WASHINGTON (10/30/14)--Changes by the Consumer Financial Protection Bureau to Home Mortgage Disclosure Act (HMDA) rules would be yet another layer of expense and burden on credit unions already struggling to meet a suffocating overall compliance burden, the Credit Union National Association warns in its most recent comment letter.
CUNA urges the CFPB to use a surgeon's precision in meeting Dodd-Frank Act requirements to change HMDA--and go no further than the act mandates. CUNA also charged the CFPB with doing all it can to exempt credit unions from as many provisions of the proposal as is permissible.
The CFPB unveiled HMDA revisions in July--changes it said are intended to improve the information reported about the residential mortgage market under HMDA.
The proposal also is meant to simplify the reporting process for credit unions and other financial institutions. However, by the CFPB's own estimates, the changes would represent a compliance burden of 4.7 million hours annually for all regulated entities required to report under HMDA.
CUNA strongly urges the bureau to increase a proposed threshold that would exempt a depository institution from reporting HMDA data if it originates fewer than 25 closed-end mortgage loans in the year--which would include closed-end, reverse mortgages.
"As a practical matter, very few credit unions involved in mortgage lending originate less than 25 covered loans, so the relief contemplated by the proposal would likely be very small, if at all," CUNA writes.
CUNA urges the bureau to increase the exemption threshold to 500 loans to more appropriately exempt smaller financial institutions that have no track record of discriminatory lending--or redlining--or fair-lending violations.
In its letter, CUNA also advocates that the CFPB drop its plan to require mandatory reporting of home equity lines of credit (HELOCs)--calling that provision "a chief concern."
CUNA explains that HELOCs often are administered in consumer lending functions of a credit union, rather than in mortgage functions. This means HELOCs are maintained on entirely separate computer operating systems and platforms than their first mortgage counterparts, making it extremely difficulties and significantly expensive to compile and aggregate the required HMDA data points for HELOCs if the bureau's rule is finalized as currently proposed.
CUNA further urges adoption of a sufficient implementation time.
"The data collection requirements outlined within the bureau's proposal are, at best, overwhelming for a vast majority of HMDA-reporting credit unions," CUNA writes and continues:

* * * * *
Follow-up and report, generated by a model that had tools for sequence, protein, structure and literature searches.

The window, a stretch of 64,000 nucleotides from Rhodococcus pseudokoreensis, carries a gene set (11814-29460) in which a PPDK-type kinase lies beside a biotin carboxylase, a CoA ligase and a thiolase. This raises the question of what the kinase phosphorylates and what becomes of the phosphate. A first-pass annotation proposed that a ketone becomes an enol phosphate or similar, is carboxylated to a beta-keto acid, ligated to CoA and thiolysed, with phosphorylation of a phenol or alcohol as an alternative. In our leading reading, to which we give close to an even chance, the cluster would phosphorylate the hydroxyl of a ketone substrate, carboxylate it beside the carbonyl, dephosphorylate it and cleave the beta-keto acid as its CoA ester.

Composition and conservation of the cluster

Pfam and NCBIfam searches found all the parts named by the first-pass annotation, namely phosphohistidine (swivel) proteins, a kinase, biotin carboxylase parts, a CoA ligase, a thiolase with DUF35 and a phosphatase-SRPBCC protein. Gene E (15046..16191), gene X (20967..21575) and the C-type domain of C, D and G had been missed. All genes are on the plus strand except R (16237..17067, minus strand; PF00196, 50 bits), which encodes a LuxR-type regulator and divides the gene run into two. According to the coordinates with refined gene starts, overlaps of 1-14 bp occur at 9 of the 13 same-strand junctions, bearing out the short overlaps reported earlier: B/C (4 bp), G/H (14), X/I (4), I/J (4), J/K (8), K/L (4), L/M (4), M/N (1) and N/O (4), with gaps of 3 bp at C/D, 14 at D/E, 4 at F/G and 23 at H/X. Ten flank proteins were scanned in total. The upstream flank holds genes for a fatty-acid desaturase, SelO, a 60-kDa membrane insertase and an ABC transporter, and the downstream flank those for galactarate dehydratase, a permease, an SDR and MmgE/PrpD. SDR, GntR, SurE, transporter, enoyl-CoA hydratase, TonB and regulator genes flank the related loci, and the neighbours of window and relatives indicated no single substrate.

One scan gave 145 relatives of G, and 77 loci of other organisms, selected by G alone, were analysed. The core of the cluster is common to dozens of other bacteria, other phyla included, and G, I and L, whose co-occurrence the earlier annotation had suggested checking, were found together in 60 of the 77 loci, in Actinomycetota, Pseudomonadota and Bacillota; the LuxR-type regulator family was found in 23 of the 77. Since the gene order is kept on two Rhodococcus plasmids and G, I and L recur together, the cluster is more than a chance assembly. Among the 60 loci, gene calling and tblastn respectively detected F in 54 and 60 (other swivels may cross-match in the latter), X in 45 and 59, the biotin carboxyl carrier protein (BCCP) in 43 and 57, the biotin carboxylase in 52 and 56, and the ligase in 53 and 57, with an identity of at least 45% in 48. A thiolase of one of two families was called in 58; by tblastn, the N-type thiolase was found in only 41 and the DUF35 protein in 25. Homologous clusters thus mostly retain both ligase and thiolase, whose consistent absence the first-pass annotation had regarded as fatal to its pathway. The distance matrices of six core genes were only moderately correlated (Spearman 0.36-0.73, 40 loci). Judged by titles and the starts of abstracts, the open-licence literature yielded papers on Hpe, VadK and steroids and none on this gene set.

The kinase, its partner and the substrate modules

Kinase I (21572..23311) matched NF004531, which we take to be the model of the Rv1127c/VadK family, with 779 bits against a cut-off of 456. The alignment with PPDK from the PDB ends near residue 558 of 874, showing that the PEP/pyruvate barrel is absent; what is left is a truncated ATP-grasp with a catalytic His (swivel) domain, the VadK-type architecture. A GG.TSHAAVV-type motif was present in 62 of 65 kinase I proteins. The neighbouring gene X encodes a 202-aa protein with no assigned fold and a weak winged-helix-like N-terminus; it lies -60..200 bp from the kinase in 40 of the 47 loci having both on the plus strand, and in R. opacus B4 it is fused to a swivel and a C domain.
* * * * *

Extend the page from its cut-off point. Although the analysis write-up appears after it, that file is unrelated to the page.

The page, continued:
"As previously discussed in this letter, systems will need to be reprogrammed, staff will need to be trained and retrained, existing application forms will need to be amended, and over thirty-seven new data elements will also need to be developed, programmed, implemented and staff will also need to be trained according to the policies and procedures surrounding each of these additional data point disclosures, which will also have to be developed."
Another key area of concern, CUNA notes, is that the bureau does not state within the proposal what, if any, of the new data collection points would or would not be made available to the public, but indicates that the agency is reviewing the matter.
Much of the HMDA data, such as credit scores and property addresses, raise significant privacy issues because if made publicly available it could conceivably allow a person to piece together the financial picture of a borrower, their place of residence, their income and their livelihood, thereby significantly intruding on credit union members' privacy.
CUNA urges the CFPB not to proceed until this issue is resolved and then to provide an additional comment period for credit unions and other stakeholders to weigh in on the specifics of the privacy plan.
Additionally, the Government Accountability Office (GAO) recently released a report indicating concerns regarding the privacy and security procedures for data collection by the CFPB, and making numerous recommendations to improve the protection and security of consumer financial data.
CUNA feels that until all of these recommendations are acted upon, expanding the data provided to the agency would place credit union members at greater risk of financial harm, exposing credit unions and their members to possible misuse of their sensitive and personal financial information, including fraud and identity theft.